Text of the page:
I’m pretty sure that was the last of my religious vision quests for a while. There were drum circles and “sweat lodges” happening a lot in college (#drugs). I even took a “Religions of the World” class there. It was in a shoebox-sized room with only six students. Only moments into the first class, the dude sitting next to me, Jerry Bello, the stinkiest, hippiest boy on campus, (who if his B.O. wasn’t alarming enough (and I like B.O.)) proceeded to pluck a beard hair and floss his teeth with it. I walked out of the class and marched right to the Dean’s office to promptly drop said class. Never to return.
And that about wraps things up for the next decade - certainly through the Atlanta years and into The LA ones.
A couple of years after I moved here, however, my friend Heather introduced me to this thing called yoga. Maybe you’ve heard of it?
If there’s anything I lack more of than religious education it would be the drive to exercise. In college I took juggling and “Independent Rollerskating” for PE credit to avoid any team sports or actual sweat, in general. I have tried various gym memberships over the past fifteen years, but nothing lasts longer than about a month. This has all fine and dandy until I noticed that, since moving into my thirties, my always-the-same-size-since-high-school body has, well, changed. It’s not a huge deal. I still fit into most of my clothes. Just differently.
And so I realized I have to get proactive. Obviously I enjoy food a great deal. I am willing to make certain sacrifices, certain tweaks, here and there, but let’s face it – I’m not going to fast or become vegan or macrobiotic. Same deal with the wine. I can certainly scale it back, but it’s still going to be around. That leaves one option: exercise.
So. Back to Heather and yoga almost a decade ago. When Heather first suggested we go to a Kundalini yoga class, I scoffed. I mean, exercise and chanting and meditating, with a pile of strangers? Honestly, I’d rather stick needles in my eyes.
But I went. And I fell in love with it.
I never became very regular with it. I still only lasted for brief fits and became distracted by something else. But something about this Kundalini stuff… It touches me. Spiritually. I am always very affected by the classes – both during and afterward. And it’s great exercise to boot.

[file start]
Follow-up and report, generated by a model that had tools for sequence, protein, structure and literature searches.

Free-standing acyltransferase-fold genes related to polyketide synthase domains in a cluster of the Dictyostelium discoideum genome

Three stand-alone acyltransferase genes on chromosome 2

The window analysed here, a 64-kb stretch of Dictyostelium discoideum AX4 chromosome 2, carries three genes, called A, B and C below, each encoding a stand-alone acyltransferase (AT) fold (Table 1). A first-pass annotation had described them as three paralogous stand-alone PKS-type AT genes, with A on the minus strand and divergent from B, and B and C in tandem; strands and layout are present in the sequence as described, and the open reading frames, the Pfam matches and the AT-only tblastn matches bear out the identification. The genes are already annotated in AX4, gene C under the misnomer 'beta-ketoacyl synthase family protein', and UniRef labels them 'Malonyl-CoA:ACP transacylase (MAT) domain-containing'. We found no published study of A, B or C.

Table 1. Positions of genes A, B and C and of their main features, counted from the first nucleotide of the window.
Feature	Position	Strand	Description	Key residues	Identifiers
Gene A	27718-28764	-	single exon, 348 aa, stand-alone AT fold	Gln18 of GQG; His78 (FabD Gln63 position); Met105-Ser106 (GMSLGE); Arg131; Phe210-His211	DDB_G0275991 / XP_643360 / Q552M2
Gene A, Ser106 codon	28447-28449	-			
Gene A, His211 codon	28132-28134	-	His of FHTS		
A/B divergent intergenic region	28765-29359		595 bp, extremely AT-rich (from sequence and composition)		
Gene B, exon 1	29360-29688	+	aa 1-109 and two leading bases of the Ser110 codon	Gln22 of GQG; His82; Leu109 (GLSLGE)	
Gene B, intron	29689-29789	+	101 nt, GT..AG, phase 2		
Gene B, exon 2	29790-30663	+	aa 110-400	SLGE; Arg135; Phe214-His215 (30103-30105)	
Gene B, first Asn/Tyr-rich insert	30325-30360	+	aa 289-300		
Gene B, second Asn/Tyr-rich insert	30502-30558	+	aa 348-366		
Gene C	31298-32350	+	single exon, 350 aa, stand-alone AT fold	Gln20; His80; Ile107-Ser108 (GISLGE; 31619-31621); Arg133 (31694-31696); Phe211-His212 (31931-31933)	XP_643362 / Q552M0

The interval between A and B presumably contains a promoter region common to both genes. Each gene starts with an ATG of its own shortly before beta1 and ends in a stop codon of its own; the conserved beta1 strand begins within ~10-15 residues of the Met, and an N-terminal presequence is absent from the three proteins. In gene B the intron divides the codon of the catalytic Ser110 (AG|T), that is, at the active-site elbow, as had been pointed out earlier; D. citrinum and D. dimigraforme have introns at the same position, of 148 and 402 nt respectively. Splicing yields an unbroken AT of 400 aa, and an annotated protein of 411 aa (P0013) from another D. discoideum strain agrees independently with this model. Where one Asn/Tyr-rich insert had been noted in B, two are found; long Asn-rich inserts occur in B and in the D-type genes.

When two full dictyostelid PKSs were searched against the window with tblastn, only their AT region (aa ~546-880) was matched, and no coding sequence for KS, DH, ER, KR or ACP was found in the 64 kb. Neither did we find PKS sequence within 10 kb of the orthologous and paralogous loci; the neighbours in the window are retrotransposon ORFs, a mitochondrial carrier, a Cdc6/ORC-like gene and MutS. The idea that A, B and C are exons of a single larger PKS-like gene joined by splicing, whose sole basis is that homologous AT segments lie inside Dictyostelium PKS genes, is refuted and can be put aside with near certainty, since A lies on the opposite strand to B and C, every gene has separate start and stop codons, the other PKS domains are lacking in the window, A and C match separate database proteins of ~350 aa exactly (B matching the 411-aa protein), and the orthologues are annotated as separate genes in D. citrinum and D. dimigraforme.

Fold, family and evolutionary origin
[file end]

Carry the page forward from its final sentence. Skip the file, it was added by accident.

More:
Needless to say, I have returned to yoga. I just started going back this week so we shall see how long I last. But right now I feel energetic, alert, centered, happy and sore as hell. Even laughing hurts.
This past weekend my mom gave me a pork butt from, the most awesome Lindy Grundy, that was too big for her to cook in her kitchen. I had never prepared anything pork butt-ish as far as I knew, but the first word that popped into my mind was braise (and braising really is very zen, you know).
And, this past Sunday, braise I did. Heather came over and while the butt braised and braised, we settled in on the couch for a marathon of Criminal Minds. As we drew near the end of braise-o-rama, I pulled out the meat to rest while I made the pan sauce. I then was supposed to pull the meat apart with two forks.
What? I had imagined serving thick slices with the pan sauce over the meat.
This was when Heather gingerly pointed out that, not only did I not take note of the image of what the finished dish was supposed to look like, but I did not read the recipe in its entirety – or really look at the title of the dish: Beer Braised BBQ Pork Butt (actually she was far from “gingerly” about it – there may have been laughing and pointing).
So I accidentally made my first BBQ pulled pork. A lot of it. And it’s really good!
It’s true, I know I should always read a recipe all the way through before embarking on it – but, for some reason, I rarely do. I suppose this is because I feel so confident riffing in the kitchen. But Heather had a point. And it seems a prevalent point right now. While I’m all spiritual and stuff.
Be patient. Be thorough. Be calm. Be confident. Take your time and try do things correctly – even if you mess up a little. You will get it just right soon enough.